Breakdown of the mount went fine save for unscrewing 1 of 5 screws that fastened the RA motor to the RA motor bracket. Despite all efforts and even a few tries with a #1 and then #2 screw extractor, the screw just would not turn. I decided that the folks at Astro-Pysics would be the best people to deal with this, so I detached the bracket from the mount body and sent the bracket+motor combination to them. Dave and their machinist went to work on it and eventually freed the screw. Upon its return, the RA motor was cleaned, greased up, and mounted on the upgraded bracket with no further issues.

 

Cleaning the gearing and regreasing using the Astro-Physics grease kit was easy and familiar to me, having done the same with my own Mach1 prior to this. I use flat toothpicks to gently press paper towel into the worm wheel and gear teeth which allows me gently scrape out the gummy black old grease. Cleaning the external surface of the mount was done with microfiber cloths, first with a diluted solution of citrus degreaser to get areas caked-on oil/dirt off of, then a final wipe-down with isopropyl alcohol. A little bit of elbow work got dirt and grime out of the setting circle engravings, returning the numbering and marks to their original white. We don't use them, but it makes the mount look nicer.

 

Replacing the delrin clutch plugs was a quick and easy. My method for extracting the old ones was to remove the clutch knob and gently tap a #1 screw extractor into the center hole of the old delrin plug, attach a tap wrench, and unscrew it out. The new delrin plugs dropped right back in to the hole.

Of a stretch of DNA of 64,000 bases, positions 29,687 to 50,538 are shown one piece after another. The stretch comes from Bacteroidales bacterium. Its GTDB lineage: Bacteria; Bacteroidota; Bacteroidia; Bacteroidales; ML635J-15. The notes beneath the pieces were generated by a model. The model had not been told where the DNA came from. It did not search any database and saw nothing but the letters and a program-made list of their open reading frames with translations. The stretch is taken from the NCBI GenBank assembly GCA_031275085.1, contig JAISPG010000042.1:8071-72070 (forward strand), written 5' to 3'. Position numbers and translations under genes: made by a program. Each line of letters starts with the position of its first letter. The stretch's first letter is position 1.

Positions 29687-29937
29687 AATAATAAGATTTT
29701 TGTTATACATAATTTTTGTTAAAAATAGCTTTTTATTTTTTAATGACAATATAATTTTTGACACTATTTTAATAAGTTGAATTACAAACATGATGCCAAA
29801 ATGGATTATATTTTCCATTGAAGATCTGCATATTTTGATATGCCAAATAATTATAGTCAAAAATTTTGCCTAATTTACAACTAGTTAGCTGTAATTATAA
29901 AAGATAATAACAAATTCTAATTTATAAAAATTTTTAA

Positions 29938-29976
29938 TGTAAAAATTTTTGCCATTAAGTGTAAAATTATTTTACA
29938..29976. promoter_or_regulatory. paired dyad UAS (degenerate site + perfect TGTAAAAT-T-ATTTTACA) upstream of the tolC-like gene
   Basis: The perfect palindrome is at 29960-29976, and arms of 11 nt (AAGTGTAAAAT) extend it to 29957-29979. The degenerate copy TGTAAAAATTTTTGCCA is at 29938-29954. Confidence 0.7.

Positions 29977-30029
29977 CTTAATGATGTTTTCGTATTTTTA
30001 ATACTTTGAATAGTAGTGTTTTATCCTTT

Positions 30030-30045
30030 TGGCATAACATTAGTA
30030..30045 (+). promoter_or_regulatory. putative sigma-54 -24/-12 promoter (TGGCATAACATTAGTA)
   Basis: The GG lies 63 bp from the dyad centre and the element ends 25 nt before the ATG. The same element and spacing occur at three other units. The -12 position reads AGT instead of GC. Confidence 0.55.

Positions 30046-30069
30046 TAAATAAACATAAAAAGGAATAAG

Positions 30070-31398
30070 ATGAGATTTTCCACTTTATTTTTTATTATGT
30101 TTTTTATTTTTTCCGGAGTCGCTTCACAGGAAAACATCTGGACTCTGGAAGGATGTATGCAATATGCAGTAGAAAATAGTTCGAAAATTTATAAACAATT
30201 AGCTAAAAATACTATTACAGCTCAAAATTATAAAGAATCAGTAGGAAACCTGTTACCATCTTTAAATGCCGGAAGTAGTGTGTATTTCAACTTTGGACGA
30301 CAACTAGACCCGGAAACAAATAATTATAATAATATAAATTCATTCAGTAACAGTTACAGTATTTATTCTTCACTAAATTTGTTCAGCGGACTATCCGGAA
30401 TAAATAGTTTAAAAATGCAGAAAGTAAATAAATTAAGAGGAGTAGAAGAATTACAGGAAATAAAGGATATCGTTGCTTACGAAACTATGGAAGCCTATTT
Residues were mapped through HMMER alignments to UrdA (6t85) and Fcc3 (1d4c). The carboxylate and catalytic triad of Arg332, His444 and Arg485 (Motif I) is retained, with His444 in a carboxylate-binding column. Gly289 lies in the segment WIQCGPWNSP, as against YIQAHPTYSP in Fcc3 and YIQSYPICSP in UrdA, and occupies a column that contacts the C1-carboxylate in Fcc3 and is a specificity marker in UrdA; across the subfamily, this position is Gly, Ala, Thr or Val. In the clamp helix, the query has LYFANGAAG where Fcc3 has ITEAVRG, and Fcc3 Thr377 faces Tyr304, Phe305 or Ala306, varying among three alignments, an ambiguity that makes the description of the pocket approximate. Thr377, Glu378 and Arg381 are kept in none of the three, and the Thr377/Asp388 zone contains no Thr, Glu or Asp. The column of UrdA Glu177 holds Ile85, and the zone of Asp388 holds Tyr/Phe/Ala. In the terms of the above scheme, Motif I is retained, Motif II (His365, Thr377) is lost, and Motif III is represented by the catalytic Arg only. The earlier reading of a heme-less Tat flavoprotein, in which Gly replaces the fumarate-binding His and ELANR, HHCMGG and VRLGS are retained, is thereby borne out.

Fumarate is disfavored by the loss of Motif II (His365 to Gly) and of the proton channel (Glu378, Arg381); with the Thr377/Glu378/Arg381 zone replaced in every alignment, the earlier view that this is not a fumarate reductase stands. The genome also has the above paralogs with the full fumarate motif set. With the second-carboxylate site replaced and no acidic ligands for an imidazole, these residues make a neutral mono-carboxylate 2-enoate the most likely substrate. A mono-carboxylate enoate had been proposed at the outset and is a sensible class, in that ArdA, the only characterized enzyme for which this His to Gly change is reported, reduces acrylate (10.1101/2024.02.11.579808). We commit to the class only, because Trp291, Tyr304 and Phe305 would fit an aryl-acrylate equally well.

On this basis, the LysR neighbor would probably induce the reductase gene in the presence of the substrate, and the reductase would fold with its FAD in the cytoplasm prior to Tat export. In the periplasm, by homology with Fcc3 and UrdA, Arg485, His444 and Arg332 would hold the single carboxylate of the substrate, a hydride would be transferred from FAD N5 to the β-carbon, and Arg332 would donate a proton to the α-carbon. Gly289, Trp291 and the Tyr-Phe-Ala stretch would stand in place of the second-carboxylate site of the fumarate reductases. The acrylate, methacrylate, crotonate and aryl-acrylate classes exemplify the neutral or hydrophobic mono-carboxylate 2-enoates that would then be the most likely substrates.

When all the service and upgrade items were done, the mount was reassembled and the (also cleaned) TOA-150B went back on top of it. The smooth action of the unclutched axes during balancing was great, a clear difference from the sticky balky motion caused by the old delrin clutch plugs that would not fully disengage. With everything balanced and locked in, it was really nice to be greeted with a soft hum of the motors with no backlash. I now await a clear night to re-do the polar alignment using SharpCap Pro. Eventually, I want to get the club to spring for APPC Pro so we can run this with pointing and tracking models.

 

Throughout this project, I talked quite a bit with George, Dave, and Daleen at Astro-Physics. I can't stress how awesome they are to work with, not just on a person-to-person basis but certainly with Astro-Physics as a company. It's a rare level of service in this hobby/industry these days where things can seem kind of impersonal and faceless, and I shudder to think about what I would have to go through to get a similar level of attention with vendors of cheaper mounts, or if it would even be possible in that reality. I really want to thank them and it's why I've never hesitated in recommening their products.

 

I have a chronologically-ordered gallery of images from this maintenance. There's a lot of photos, so you may need to click the "Load 22 more images" button once you scroll to the bottom:

 

https://imgur.com/a/iDp4Qor

 

/dale

 

 

 


--
Karen Christen
Astro-Physics


Andrew J
 
Edited

Hi Dale.

Thanks for sharing the photos. Very helpful. What did you use to clean the the Worm and and Worm Wheel?


Dale Ghent
 

On Apr 12, 2021, at 13:43, Andrew Jones <andjones132@gmail.com> wrote:

Hi Dale.

Thanks for sharing the photos. Very helpful. What did you use to clean the the Worm and and Worm Wheel?
I use 3 things:

* An old white cotton rag, t-shirt, or similar
* A roll of regular paper towels or shop paper towels (the blue kind you can get at auto stores)
* A box of flat toothpicks